Meaning of “fly” in the English Dictionary

"fly" in British English

See all translations


uk /flaɪ/ us /flaɪ/ flew, flown

fly verb (TRAVEL)

A2 [ I ] When a bird, insect, or aircraft flies, it moves through the air:

The poor bird couldn't fly because it had a broken wing.
As soon as it saw us, the bird flew away/off.

A1 [ I or T ] to travel by aircraft, or to go somewhere or cross something in an aircraft:

We flew to Paris.
We fly from/out from/out of La Guardia, but fly back (in)to JKF.
We are flying at a height of 36,000 feet.
She has to fly thousands of miles every year for her job.
Who was the first person to fly (across) the Atlantic?

[ T ] to use a particular company to travel by aircraft:

I usually fly Lufthansa/Japan Airlines/El Al.

C2 [ T ] to transport people or goods by aircraft:

The restaurant flies its fish in daily from Scotland.
We will be flying 100 badly wounded civilians out of the battle zone tonight.

B2 [ I or T ] to control an aircraft:

I learned to fly when I was in Australia.

More examples

fly verb (MOVE QUICKLY)

[ I ] to move or go quickly:

With the explosion, glass flew across the room.
Cathy flew by/past me in the corridor.
My holiday seems to have flown (by) (= passed very quickly) this year.
UK informal Anyway, I must fly (= leave quickly) - I didn't realize how late it was!

More examples

fly verb (WAVE)

[ I or T ] to wave or move about in the air while being fixed at one end:

The ship was flying the Spanish flag.
The flag was flying at half-mast (= brought down to a point half way down the pole) to mark the death of the president.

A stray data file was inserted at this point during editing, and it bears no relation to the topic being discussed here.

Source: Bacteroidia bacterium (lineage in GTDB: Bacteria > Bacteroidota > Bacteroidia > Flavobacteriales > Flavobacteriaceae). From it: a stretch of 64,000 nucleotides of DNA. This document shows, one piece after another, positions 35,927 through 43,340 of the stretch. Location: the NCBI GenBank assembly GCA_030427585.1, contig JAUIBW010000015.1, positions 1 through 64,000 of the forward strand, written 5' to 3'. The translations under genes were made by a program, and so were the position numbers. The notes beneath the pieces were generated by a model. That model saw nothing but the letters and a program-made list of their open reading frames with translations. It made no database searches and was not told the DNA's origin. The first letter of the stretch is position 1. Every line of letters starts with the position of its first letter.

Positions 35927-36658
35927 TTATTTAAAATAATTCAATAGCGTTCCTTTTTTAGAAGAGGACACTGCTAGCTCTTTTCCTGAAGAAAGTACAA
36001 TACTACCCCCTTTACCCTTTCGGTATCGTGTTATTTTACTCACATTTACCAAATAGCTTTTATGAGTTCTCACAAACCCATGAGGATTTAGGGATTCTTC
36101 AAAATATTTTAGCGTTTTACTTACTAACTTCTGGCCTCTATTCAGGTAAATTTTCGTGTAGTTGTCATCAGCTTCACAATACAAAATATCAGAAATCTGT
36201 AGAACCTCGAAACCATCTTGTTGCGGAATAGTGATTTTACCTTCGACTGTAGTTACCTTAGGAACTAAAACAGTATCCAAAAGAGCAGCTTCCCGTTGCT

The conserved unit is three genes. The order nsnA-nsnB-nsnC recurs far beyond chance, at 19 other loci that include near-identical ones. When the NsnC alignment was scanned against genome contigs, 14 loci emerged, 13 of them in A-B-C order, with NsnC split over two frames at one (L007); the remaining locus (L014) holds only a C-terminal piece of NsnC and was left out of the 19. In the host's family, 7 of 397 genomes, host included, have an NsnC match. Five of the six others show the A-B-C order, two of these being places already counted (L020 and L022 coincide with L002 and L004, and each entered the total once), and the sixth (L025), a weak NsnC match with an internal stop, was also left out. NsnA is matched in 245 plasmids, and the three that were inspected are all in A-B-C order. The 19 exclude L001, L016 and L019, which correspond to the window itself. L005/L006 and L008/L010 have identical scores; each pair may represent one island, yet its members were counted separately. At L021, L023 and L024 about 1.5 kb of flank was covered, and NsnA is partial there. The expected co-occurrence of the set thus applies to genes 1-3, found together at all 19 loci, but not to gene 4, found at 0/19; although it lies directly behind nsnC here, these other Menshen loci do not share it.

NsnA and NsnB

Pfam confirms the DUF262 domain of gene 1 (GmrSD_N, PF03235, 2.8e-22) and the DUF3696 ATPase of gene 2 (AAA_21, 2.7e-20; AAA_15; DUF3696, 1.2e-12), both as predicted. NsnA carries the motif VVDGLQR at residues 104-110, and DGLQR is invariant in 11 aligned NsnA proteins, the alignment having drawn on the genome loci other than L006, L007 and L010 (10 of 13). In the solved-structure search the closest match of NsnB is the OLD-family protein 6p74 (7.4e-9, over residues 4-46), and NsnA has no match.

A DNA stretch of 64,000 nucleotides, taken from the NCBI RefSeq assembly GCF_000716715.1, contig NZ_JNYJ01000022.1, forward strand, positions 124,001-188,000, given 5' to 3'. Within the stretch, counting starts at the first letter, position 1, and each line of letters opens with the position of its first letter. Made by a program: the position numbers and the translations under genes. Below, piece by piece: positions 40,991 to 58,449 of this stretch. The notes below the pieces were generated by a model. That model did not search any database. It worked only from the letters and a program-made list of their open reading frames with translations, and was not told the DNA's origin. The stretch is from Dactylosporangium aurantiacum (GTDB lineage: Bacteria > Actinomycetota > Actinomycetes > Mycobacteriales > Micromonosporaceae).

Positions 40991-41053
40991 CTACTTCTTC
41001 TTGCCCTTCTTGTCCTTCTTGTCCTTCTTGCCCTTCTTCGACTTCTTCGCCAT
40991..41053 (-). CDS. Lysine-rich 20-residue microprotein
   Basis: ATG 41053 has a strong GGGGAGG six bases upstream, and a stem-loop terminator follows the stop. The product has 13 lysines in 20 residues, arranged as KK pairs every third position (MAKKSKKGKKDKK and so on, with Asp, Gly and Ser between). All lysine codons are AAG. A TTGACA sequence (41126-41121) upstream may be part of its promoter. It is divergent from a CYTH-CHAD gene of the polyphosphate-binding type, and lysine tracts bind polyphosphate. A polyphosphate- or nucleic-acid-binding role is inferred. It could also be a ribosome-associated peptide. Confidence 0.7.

There isn't really enough wind to fly a kite today.

fly verb (SPREAD)

[ I ] mainly US If rumours, accusations, etc. fly, , they are passed quickly from one person to another and cause excitement:

Rumors are flying that the school may close.

flynoun [ C ]

uk /flaɪ/ us /flaɪ/

(Definition of “fly” from the Cambridge Advanced Learner’s Dictionary & Thesaurus © Cambridge University Press)

"fly" in American English

See all translations


us /flɑɪ/ past tense flew /flu/ , past participle flown /floʊn/


[ I/T ] (of creatures, objects, or aircraft) to move through the air, or (of people) to travel by aircraft:

[ I ] The building just exploded, and glass flew through the air.
[ I ] We enjoy watching the birds fly over the water.
[ I ] Are you planning to fly or drive to Toronto?
[ I ] Some of our pilots have been flying (= operating an aircraft) for 20 years.
[ I/T ] What airline are you flying (on) (= traveling on as a passenger)?

fly verb (MOVE QUICKLY)

[ I ] to move or go quickly or suddenly:

Theo was startled when the door flew open.
Saying she was late, Cathy flew by me and ran outside.
The summer seems to have flown by (= passed quickly).

fly verb (WAVE)

[ I/T ] to move around in the air while being held at one end, or to cause something attached at one end to be moved:

[ I ] Flags flew from the front of every house.


us /flɑɪ/

fly noun (INSECT)

[ C ] a small insect with two wings

fly noun (PANTS)

fly noun (BALL)

[ C ] also fly ball, /ˈflɑɪˈbɔl/ in baseball, a ball that has been hit high into the air:

He caught the fly in deep center field.

(Definition of “fly” from the Cambridge Academic Content Dictionary © Cambridge University Press)

"fly" in Business English

See all translations


uk /flaɪ/ us flew, flown

[ I ] TRANSPORT to travel in an aircraft:

How long does it take to fly from Heathrow to Los Angeles?
fly out of/into somewhere More and more business executives are flying out of the state's commercial airports.
fly business class/economy/standby They flew business class to Johannesburg overnight.

[ T + adv/prep ] TRANSPORT to transport people or goods by aircraft:

Oil workers are flown by helicopter to the rigs.

[ I ] informal to be successful or popular:

We're hoping the new brand name will fly.
fly a kite

to make a suggestion in order to get the reaction of others to it:

In my opinion he is flying a kite that would destroy the private enterprise system.

Phrasal verb(s)

(Definition of “fly” from the Cambridge Business English Dictionary © Cambridge University Press)